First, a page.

Nostalgia is the prevailing sentiment in Robots: Evolution of a Cultural Icon, an exhibition of sculpture, video, paintings, and works on paper by 20 artists at the San Jose Museum of Art. For senior curator JoAnne Northrup, the word robot conjures the walking tin men of science fiction’s golden age, whose physical similarity to us (arms, legs, eyes, etc.) was essential to our embrace, and fear, of these in-our-image fantasies. These are the robots of our futuristic daydreams from days gone by, the machines that would one day deliver us from empty lives of domestic drudgery and toil — that is, if they didn’t zap us to death first with fire rays from the guns mounted in their titanium chests.

From the vantage points of the 1930s through the 1960s, the source years for much of the material in this exhibition, we live in a future that’s lousy with robots, eclipsing even the imaginations of the most caffeinated sci-fi writers and lurid B-movie producers of those eras. Turns out the future is a pretty dull place, at least as far as robots are concerned. “Mother’s Day is May 11,” an ad in 2008 reminds us, “Buy her a Roomba.” Is that the best we can do: A disc that randomly bumps around your living room floor, sucking up everything in its path, but “intelligent” enough not to vacuum itself down a flight of stairs? “We were promised robots,” muses artist Michael Salter in a gallery handout. Your Roomba, and the foreseeable iterations that are certain to follow it, will never be as endearing as a robot like Rosie, the loyal and devoted metal maid in The Jetsons. On the other hand, you’re never going to feel guilty about switching off your Roomba and hiding it away in a closet.

Indeed, Northrup’s exhibit is largely concerned with how we feel about robots like Rosie. To her credit, Northrup has not set out to explore how our lives have, or have not, been improved by things like Roombas. This almost complete apathy for the functional aspects of modern-day robots, let alone the tangible contributions they make to society, is one of the show’s many charms, and one of the main reasons why moving through the exhibition is so much fun.

Clayton Bailey’s work epitomizes the sense of play that permeates the galleries. His robots, assembled primarily from found metal objects, can be sly, cute, and funny, sometimes all at once. Through his choices of proximity and proportion, Bailey has an almost shamanistic ability to animate the inanimate. In his hands, junk is somehow elegant, graceful, suave, and, in the case of Robot Pet, adorable. Just as the visionaries of the ’30s-’60s delivered the best robots they could scrounge from the corners of their minds, Bailey builds the best robots he can conjure with parts from the scrap yard. Which is not to say that Bailey is only a skilled scavenger. A few rooms away from Robot Pet and its masters, Beautybot and Boybot, a trio of Bailey’s gun-metal-blue ceramic robot torsos are evidence that this guy can breath cartoon life into practically anything, even a clay teapot.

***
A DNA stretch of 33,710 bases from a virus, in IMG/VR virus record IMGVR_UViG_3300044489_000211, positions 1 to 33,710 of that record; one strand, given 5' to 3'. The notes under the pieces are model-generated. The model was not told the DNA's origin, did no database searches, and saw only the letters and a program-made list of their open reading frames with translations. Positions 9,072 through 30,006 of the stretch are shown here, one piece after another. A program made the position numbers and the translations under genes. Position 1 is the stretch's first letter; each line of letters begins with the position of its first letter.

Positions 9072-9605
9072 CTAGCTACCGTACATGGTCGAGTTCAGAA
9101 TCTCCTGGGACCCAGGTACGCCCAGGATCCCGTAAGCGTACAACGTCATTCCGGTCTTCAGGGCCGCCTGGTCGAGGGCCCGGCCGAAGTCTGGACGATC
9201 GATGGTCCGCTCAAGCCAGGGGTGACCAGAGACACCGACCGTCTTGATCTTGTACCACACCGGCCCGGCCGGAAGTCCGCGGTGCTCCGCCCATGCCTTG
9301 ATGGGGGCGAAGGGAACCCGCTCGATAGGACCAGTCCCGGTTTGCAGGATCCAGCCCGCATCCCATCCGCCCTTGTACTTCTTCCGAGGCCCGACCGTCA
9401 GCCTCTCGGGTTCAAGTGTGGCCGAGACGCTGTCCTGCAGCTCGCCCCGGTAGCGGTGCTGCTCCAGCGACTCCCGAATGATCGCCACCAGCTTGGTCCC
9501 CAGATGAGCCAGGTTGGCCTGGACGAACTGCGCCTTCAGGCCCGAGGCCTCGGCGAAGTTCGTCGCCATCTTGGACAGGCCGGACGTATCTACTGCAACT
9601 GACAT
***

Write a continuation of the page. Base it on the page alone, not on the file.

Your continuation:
Another standout is Michael Mew, whose collage-like paintings of toy robots wreaking havoc on whatever stands in their wind-up way are given a glossy, clear-resin sheen. Despite Mew’s obvious infatuation with surface, his paintings invite us inside to explore a seductively foggy world of pulp science-fiction and advertising (or, perhaps, advertising-like) images.

Compared to other artists in the show, Mew and Bailey are well represented, with four and six pieces respectively (Bailey also lent the exhibition a number of vintage toy robots from his personal collection). I could have done with at least that many works by Feric (Eric Feng), whose blueprint-like drawings of a bird and a benign raptor-like creature are superb works of draftsmanship. At first we are content to simply drink in the artist’s skill at rendering a wing or section of muscle, but then we notice that Feric’s lovely animals are actually little robots, whose innards are filled with low-tech, probably magic-powered gears. A short animated film of Feric’s winsome creations plays next to these two quiet sketches. I left this show longing for much more.

At the other end of the scale spectrum is Michael Salter’s Giant Styrobot. When I first heard this object described in a radio ad (I think it was something about the world’s largest robot made out of recycled styrofoam, but I may have gotten the “world’s largest” part wrong), I was prepared for a gimmick. But I have to say, this is a pretty good gimmick. Reaching almost to the top of the two-story vaulted ceiling of the museum’s tallest gallery, Giant Styrobot is surprisingly well rendered for something made out of discarded packing materials. Its composition is patient and subtle, as true to itself as the best Deborah Butterfield horse made of scraps of metal or found sticks. Beneath this gentle giant, children visiting the gallery sit at tables piled with Legos so they can make robots of their own. No doubt they too will one day be disappointed when it dawns on them that their childhood visions will probably never see the light of day, but it’s good to see a museum encouraging its young patrons to dream.

Robots: Evolution of a Cultural Icon is on view at the San Jose Museum of Art through October 19, 2008. 110 South Market Street, 408-271-6840. For more information visit sjmusart.org.

Robots: Evolution of a Cultural Icon 7 May,2008Ben Marks

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